From The Old Mermaid's Tale
HIS WORDS SEEMED MAGICAL. Albinoni, he said, Respighi. Donizetti.
First there was a Sunday afternoon concert in the library’s mezzanine. Then an evening in a small Irish pub where a woman who looked like she had stepped out of a Pre-Raphaelite painting played the harp like an angel. He was seducing me with music, I thought. The words he used sounded like sex in distant languages. Flamenco, he said, Balalaika. Viol d’gamba. Lute.
Afterward there would be a walk to a restaurant where no one but lovers should be allowed to sip wine and tear at bread that shattered across the linen like glass. But we were not lovers and what we were filled me with confusion. His hands were like quartz and his voice was like smoke. In the light of candles his hair was a rage of blackbird wings and I wondered if the ashes of Jacques de Molay had willed itself into life again and he was the last of the Knights Templar riding through seas and galaxies and women’s appetites.
His behavior toward me was warm, protective, even caressing but he eluded questioning. He told me that he lived in one of the hotels Dante had pointed out where seamen stay. He played his music at The Old Mermaid Inn four or five nights a week. During the day he picked up extra work at the Customs House because, like many mariners, he spoke several languages but, unlike them, he could also read and write in those languages. Beyond that I knew nothing.
He would stop in the diner on his way to work at the Inn and offer an invitation but he never stayed. It seemed he was being cautious about how we were seen by others. He was a man who had learned to be careful. I was so besotted by his every gesture that I noticed little else in my life.
And then it was time for Baptiste.
He need not have worried. Even before he began to play, as he sat rolling back his shirt sleeves over thick arms, the slanting rays of a blue spotlight seemed to carve him out of the darkness like one of Michelangelo’s Prigioneri. And when the first shower of silvery notes shimmered from his guitar and the cool smoke of his voice rose over the crowd, breaths were held and eyes widened. Each song, the sea ballads he had questioned the merit of, was met with wild applause.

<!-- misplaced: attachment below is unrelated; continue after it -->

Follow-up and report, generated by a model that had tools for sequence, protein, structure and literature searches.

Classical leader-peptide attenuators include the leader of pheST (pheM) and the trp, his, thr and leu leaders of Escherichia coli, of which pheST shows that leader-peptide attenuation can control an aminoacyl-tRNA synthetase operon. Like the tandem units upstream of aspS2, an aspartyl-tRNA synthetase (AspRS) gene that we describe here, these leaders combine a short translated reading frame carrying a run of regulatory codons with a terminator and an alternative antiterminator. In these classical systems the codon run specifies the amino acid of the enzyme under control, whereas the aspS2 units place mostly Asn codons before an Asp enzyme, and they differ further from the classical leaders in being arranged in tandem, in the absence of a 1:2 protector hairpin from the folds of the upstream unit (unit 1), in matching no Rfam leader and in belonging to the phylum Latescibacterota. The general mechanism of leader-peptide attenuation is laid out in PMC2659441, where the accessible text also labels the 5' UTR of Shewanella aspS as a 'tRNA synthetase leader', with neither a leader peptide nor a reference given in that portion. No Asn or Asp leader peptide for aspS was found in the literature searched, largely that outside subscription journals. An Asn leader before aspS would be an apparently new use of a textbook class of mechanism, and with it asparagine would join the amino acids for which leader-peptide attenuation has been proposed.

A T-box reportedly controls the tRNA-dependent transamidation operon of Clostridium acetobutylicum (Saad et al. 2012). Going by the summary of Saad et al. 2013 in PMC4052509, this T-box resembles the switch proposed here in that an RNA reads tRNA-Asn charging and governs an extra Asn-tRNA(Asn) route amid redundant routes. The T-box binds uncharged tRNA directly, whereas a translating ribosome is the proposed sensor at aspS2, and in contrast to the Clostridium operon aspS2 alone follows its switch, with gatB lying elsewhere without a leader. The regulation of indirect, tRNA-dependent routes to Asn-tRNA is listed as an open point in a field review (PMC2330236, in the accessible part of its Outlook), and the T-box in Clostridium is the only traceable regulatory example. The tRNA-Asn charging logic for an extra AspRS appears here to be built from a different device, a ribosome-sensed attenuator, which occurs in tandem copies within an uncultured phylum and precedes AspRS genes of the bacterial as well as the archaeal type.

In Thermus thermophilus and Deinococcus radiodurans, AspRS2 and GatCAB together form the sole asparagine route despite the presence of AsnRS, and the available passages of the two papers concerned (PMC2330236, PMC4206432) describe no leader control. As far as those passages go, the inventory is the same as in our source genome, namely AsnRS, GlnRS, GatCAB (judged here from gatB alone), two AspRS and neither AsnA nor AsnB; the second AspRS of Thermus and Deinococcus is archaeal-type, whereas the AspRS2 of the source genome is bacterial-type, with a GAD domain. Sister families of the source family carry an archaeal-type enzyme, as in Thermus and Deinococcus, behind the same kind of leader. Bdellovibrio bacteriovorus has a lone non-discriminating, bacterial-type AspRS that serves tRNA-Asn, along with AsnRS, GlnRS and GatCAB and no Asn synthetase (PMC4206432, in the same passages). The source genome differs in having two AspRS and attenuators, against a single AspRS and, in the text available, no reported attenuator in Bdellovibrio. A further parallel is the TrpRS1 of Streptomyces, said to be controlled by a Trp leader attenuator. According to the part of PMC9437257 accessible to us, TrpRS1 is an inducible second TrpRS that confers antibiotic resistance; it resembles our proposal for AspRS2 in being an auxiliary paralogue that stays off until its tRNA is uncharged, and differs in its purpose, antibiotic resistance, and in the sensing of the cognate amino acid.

“There's someone waiting for you in your office.” She grinned and nodded toward the door. He looked at her.
“Go see.” Her smile told him that whoever it was had brightened her day, but that was no guarantee that it would his. In fact, knowing Donna, it probably wouldn't. Resisting the urge to draw his gun, Henry walked toward his office. The door stood open but the interior seemed unnaturally dark. A large man stood in front of the office's sole window with his back to the room, blocking the light. He was as tall as Henry and considerably wider, wearing a black leather jacket and faded jeans.
“Can I help you?” Henry asked.
The man turned toward him with a sly smile. He had a rugged, weather-lined face and wore mirrored sun-glasses—when he removed them they revealed familiar blue-green eyes.
“Hey, cuz,” he said in a gravelly voice, “miss me?”
Henry hesitated, then recognition flooded him with pleasure. “Boone Wilde! I don't believe it. Where the heck did you come from?” He crossed the room in two steps, hand extended. Boone took it in a hippie-handshake—thumbs locked around each other—then put his massive arms around Henry and hugged hard, nearly lifting him off his feet.
“I pritneer didn't recognize you with that shiny star on your chest,” Boone said.
“I pritneer didn't recognize you without a beard down to your gut.”
“I don't have a gut.” Boone patted his stomach and he was right. He was a huge man but did not appear to have an ounce of fat on him.